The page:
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First Person Academic Essay Topic

Behind the Stylewriting tips

Using “I” in Academic Writing

By Michael Kandel

Traditionally, some fields have frowned on the use of the first-person singular in an academic essay and others have encouraged that use, and both the frowning and the encouraging persist today—and there are good reasons for both positions (see “Should I”).

I recommend that you not look on the question of using “I” in an academic paper as a matter of a rule to follow, as part of a political agenda (see Webb), or even as the need to create a strategy to avoid falling into Scylla-or-Charybdis error. Let the first-person singular be, instead, a tool that you take out when you think it’s needed and that you leave in the toolbox when you think it’s not.

Examples of When “I” May Be Needed

  • You are narrating how you made a discovery, and the process of your discovering is important or at the very least entertaining.
  • You are describing how you teach something and how your students have responded or respond.
  • You disagree with another scholar and want to stress that you are not waving the banner of absolute truth.
  • You need “I” for rhetorical effect, to be clear, simple, or direct.

Examples of When “I” Should Be Given a Rest

  • It’s off-putting to readers, generally, when “I” appears too often. You may not feel one bit modest, but remember the advice of Benjamin Franklin, still excellent, on the wisdom of preserving the semblance of modesty when your purpose is to convince others.
  • You are the author of your paper, so if an opinion is expressed in it, it is usually clear that this opinion is yours. You don’t have to add a phrase like, “I believe” or “it seems to me.”

Works Cited

Franklin, Benjamin. The Autobiography of Benjamin Franklin. Project Gutenberg, 28 Dec. 2006, www.gutenberg.org/files/20203/20203-h/20203-h.htm#I.

“Should I Use “I”?” The Writing Center at UNC—Chapel Hill, writingcenter.unc.edu/handouts/should-i-use-i/.

Webb, Christine. “The Use of the First Person in Academic Writing: Objectivity, Language, and Gatekeeping.” ResearchGate, July 1992, doi: 10.1111/j.1365-2648.1992.tb01974.x.

Michael Kandel has been editing at the MLA for twenty-one years. He also translated several Polish writers, among them Stanisław Lem, Andrzej Stasiuk, Marek Huberath, and Paweł Huelle, and edited, for Harcourt Brace, several American writers, among them Jonathan Lethem, Ursula K. Le Guin, James Morrow, and Patricia Anthony.

Early in our school lives, we are encouraged to express our own thoughts and opinions. This sometimes leads to a writing style that is very focussed on the first person, with sentences which begin ‘I believe’, ‘I think’, ‘In my opinion’, etc.

There are differing opinions about whether or not first-person pronouns should be used in academic writing. Whatever your position, though, overuse of ‘I’ or ‘my’ is not a good idea in an essay, as it can draw focus away from the subject under discussion.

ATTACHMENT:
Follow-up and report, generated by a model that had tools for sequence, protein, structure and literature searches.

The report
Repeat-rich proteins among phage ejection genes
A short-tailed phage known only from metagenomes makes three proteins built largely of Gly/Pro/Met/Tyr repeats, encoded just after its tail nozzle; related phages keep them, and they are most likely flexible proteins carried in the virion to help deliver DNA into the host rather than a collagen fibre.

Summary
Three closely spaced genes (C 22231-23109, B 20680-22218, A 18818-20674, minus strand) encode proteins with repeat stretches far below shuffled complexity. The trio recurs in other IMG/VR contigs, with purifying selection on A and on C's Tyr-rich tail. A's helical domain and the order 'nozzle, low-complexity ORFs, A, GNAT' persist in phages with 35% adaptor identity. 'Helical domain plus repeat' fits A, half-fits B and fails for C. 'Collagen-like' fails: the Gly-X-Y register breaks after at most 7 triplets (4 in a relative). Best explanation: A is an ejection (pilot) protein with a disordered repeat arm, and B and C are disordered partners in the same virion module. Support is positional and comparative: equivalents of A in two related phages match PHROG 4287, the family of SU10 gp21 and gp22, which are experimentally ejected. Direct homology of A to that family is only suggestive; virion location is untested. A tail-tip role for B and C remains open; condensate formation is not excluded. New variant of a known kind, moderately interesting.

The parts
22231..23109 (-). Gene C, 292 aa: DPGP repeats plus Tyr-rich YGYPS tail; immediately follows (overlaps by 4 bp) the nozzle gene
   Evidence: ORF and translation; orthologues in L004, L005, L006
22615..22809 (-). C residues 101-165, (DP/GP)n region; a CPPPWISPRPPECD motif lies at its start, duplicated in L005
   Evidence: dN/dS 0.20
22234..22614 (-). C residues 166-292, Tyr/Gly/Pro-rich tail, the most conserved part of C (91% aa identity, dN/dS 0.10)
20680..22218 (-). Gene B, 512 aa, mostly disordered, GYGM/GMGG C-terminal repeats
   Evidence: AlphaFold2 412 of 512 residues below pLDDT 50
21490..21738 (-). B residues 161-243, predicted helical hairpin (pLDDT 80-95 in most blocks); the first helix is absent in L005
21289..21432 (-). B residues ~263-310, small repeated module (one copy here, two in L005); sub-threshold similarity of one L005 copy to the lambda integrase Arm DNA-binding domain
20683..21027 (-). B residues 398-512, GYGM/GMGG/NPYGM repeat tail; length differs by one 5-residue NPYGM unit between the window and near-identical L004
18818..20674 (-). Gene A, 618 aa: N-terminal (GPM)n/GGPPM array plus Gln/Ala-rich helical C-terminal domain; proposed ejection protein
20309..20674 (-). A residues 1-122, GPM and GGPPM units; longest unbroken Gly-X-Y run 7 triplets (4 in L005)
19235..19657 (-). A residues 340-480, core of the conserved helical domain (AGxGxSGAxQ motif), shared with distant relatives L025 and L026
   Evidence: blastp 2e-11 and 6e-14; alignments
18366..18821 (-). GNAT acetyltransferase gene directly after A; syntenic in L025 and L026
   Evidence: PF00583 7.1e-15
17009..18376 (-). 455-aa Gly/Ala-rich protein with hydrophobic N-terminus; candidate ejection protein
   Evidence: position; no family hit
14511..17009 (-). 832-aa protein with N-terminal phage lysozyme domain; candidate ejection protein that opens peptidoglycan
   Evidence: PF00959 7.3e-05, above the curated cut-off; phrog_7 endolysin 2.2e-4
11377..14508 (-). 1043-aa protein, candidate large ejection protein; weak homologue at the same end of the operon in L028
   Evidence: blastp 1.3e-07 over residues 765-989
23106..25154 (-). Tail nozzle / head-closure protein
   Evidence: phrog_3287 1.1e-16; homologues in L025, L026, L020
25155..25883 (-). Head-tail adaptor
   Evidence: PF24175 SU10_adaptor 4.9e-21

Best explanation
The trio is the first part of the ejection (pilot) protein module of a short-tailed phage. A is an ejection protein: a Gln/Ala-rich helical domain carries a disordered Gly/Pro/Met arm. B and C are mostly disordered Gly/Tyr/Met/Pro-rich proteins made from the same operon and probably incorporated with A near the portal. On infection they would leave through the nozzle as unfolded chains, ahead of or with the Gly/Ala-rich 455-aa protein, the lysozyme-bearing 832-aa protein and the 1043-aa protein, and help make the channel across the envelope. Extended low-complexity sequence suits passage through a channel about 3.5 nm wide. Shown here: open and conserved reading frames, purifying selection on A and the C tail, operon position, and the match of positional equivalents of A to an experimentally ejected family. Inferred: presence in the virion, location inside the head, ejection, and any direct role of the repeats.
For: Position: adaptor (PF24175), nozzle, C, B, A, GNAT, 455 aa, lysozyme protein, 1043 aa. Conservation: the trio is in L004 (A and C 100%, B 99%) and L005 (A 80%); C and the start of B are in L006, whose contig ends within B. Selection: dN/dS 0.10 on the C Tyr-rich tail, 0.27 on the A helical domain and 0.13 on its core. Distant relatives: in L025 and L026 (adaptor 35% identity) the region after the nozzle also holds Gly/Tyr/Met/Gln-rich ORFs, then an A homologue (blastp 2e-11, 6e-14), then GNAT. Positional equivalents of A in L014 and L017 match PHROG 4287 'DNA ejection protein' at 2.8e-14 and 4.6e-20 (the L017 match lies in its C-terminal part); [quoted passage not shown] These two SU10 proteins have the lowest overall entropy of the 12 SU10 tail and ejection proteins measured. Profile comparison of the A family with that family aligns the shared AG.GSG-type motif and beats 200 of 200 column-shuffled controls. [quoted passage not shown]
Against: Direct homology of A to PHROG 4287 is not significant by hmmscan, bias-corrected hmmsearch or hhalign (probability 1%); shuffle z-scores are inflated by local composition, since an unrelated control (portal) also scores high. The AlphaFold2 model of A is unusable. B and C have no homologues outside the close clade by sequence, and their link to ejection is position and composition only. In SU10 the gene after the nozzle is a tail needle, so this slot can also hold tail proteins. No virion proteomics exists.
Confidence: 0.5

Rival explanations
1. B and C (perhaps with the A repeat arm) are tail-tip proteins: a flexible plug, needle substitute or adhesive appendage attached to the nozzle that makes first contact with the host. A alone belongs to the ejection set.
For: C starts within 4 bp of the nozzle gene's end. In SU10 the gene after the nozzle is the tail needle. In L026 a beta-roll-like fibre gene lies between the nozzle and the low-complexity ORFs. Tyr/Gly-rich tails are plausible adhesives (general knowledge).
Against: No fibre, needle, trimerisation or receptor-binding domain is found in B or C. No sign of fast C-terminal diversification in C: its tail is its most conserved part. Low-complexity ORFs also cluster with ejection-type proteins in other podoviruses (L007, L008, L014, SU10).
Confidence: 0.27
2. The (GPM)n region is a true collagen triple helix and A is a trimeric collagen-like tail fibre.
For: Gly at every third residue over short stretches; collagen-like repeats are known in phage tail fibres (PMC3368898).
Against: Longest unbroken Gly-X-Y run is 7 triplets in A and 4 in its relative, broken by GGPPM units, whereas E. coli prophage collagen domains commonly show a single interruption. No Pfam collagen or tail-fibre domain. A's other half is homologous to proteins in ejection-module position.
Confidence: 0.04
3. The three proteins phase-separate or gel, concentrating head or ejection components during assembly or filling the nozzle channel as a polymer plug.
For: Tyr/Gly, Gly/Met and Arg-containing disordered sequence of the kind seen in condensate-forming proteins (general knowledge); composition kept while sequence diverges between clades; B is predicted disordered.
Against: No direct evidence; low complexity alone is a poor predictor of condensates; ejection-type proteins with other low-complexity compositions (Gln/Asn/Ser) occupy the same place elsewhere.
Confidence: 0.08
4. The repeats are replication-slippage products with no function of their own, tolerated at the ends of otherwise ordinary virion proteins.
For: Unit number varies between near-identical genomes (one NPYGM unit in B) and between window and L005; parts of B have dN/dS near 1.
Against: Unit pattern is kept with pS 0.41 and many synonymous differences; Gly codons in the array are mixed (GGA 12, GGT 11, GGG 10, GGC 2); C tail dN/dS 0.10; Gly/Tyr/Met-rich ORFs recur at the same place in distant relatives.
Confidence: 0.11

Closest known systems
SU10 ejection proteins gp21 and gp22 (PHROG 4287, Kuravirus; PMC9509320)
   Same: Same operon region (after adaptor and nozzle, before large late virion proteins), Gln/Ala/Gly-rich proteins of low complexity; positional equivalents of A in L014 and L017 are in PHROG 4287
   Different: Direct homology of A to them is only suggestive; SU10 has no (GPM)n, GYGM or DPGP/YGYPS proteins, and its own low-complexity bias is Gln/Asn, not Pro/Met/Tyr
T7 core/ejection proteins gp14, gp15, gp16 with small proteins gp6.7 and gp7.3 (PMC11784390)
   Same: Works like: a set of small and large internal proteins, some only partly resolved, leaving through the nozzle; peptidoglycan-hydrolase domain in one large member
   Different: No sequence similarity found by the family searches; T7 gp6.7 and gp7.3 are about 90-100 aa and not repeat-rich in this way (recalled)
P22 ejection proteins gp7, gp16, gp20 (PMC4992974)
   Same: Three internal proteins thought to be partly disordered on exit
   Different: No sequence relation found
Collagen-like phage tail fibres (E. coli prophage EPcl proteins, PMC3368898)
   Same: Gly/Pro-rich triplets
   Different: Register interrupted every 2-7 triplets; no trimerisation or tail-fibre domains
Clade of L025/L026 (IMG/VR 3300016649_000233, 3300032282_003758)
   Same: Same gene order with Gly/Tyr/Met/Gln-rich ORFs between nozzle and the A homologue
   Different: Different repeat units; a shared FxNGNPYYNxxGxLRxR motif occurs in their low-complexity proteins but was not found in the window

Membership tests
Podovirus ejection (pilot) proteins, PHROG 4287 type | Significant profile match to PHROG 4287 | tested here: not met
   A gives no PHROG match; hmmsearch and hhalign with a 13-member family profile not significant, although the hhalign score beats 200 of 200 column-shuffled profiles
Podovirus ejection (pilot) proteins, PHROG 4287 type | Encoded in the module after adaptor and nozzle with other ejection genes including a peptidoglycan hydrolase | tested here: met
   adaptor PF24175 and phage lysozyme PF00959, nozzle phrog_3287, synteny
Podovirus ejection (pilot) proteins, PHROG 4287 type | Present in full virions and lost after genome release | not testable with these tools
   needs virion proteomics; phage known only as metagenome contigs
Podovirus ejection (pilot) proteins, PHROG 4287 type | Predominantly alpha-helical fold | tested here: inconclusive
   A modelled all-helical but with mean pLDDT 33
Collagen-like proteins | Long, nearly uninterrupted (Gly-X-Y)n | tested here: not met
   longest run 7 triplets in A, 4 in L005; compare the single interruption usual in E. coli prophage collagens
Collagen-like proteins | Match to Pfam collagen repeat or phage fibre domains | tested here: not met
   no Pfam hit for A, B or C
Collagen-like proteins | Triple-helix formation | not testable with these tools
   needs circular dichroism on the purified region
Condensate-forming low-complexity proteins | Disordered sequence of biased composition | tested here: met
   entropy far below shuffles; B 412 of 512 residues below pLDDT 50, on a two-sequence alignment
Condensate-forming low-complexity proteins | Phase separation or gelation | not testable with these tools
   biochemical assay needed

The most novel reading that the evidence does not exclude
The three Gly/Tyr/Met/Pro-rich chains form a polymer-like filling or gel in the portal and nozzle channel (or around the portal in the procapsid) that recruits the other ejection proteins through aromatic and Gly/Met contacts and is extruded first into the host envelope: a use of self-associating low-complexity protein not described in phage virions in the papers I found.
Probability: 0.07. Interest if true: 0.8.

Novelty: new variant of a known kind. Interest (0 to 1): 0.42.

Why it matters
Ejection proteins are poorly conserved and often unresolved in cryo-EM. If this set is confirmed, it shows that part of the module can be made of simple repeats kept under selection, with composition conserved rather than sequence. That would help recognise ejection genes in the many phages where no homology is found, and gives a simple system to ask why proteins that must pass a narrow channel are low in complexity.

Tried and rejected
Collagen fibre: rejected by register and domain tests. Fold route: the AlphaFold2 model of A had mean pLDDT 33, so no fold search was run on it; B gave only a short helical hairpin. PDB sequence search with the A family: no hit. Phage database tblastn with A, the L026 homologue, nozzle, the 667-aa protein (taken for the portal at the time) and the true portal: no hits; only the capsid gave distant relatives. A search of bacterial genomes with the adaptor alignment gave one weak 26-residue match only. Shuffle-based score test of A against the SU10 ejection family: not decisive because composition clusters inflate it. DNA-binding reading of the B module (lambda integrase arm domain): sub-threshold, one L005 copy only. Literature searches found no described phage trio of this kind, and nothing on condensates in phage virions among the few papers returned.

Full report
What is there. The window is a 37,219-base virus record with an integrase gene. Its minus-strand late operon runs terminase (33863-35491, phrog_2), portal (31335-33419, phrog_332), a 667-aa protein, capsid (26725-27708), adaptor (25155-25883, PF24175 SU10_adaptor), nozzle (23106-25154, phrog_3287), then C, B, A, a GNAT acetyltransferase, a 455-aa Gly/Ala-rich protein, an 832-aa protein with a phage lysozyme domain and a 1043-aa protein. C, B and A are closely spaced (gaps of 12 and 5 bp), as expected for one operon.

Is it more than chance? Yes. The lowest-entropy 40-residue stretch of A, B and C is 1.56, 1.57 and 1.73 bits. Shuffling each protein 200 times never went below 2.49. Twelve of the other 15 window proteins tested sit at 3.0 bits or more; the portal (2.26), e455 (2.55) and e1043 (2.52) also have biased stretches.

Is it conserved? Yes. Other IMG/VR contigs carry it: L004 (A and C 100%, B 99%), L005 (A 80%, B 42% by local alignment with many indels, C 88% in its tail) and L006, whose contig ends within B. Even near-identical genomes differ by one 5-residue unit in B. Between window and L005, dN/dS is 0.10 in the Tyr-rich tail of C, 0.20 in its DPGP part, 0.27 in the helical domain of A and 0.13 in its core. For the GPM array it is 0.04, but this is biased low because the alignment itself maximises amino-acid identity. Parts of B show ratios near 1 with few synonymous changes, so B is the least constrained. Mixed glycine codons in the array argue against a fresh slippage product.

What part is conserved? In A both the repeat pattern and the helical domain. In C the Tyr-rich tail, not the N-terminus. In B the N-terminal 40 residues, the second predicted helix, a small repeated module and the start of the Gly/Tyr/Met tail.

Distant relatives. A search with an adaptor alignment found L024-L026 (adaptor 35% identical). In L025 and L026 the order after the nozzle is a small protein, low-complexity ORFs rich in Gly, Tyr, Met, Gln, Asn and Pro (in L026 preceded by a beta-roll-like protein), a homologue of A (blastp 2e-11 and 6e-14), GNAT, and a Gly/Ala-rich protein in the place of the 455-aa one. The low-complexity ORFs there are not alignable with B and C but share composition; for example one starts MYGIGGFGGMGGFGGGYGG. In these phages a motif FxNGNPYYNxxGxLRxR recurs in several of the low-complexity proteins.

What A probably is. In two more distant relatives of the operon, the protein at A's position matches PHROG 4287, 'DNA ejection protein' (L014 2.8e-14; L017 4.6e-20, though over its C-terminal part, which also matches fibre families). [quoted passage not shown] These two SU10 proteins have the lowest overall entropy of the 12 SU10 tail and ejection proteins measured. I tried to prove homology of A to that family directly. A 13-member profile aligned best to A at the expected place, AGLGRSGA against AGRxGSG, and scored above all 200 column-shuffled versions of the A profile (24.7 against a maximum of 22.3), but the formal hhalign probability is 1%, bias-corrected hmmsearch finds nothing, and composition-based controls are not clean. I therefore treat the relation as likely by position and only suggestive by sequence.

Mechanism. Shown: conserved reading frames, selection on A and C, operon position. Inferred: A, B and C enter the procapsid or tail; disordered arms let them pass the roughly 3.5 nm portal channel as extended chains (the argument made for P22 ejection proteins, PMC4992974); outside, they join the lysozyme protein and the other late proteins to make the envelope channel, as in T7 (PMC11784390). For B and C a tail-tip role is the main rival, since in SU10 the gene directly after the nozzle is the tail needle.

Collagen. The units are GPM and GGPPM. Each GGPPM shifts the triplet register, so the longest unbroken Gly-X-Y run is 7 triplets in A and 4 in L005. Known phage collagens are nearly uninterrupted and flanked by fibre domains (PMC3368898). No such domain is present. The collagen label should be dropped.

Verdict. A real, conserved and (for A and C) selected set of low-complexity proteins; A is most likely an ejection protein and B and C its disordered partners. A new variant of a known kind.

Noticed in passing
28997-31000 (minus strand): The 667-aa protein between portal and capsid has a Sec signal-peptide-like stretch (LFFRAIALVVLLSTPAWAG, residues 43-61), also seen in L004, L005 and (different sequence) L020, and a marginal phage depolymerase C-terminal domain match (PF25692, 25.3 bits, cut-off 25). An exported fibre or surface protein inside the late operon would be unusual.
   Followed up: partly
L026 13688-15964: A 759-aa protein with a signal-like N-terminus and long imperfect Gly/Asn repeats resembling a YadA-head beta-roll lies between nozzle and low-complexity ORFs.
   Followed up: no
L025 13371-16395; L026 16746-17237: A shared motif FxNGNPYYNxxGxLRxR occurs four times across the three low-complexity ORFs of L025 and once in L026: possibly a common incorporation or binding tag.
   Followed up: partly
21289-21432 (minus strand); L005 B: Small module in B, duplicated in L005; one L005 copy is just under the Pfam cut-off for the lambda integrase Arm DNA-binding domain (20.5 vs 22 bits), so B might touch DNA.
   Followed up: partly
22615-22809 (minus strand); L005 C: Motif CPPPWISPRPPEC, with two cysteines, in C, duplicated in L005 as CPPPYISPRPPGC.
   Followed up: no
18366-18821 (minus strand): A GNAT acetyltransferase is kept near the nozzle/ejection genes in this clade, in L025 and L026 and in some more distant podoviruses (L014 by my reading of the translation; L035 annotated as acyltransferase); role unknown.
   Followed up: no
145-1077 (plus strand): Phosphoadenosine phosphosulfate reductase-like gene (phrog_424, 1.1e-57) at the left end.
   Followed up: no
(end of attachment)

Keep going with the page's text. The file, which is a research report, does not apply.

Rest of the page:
When Not to Use the First Person

When writing, there is no need to state that you think something. Asserting it as fact implies that you believe it. For example, take these sentences:

  • Henderson’s argument is invalid because…
  • I believe Henderson’s argument is invalid because…

These both mean the same thing. Saying ‘I believe’ is unnecessary, as it is clear that you are expressing an opinion without having to signal it explicitly!

The first sentence is also more persuasive, as the second seems like mere opinion. Your argument is not strengthened by writing ‘I think that…’, but rather by providing relevant supporting evidence.

When to Use the First Person

Sometimes the first person is useful for highlighting how your opinion differs from a thinker you are discussing. For example, in summing up, you might say ‘whilst Henderson has stated X, I believe the opposite’.

Unless your university forbids using ‘I’ in essays, you can also use the first person when describing your methods to avoid awkward sentences. For instance, the following sentence is a bit confusing:

It was concluded that the new technique can reduce remission rates.

The question, then, is who made the conclusion? To ensure clarity, the sentence could be written as:

We conclude that the new technique can reduce remission rates.

This eliminates the ambiguity over who is drawing the conclusion, as well as being more impactful by using the active rather than passive voice.

The crucial thing to consider when using the first person in your work is whether it detracts from the focus of your argument. Using ‘I’ or ‘we’ when describing your methodology is generally fine, since it clarifies the role you play in the research process.

But phrases like ‘In my opinion…’ do not add to the clarity of your writing. Instead, they make it seem like your research is more about you than whatever you’re investigating!

Finally, if in any doubt, it is always best to check with your supervisor or style guide before setting to work. Good luck!

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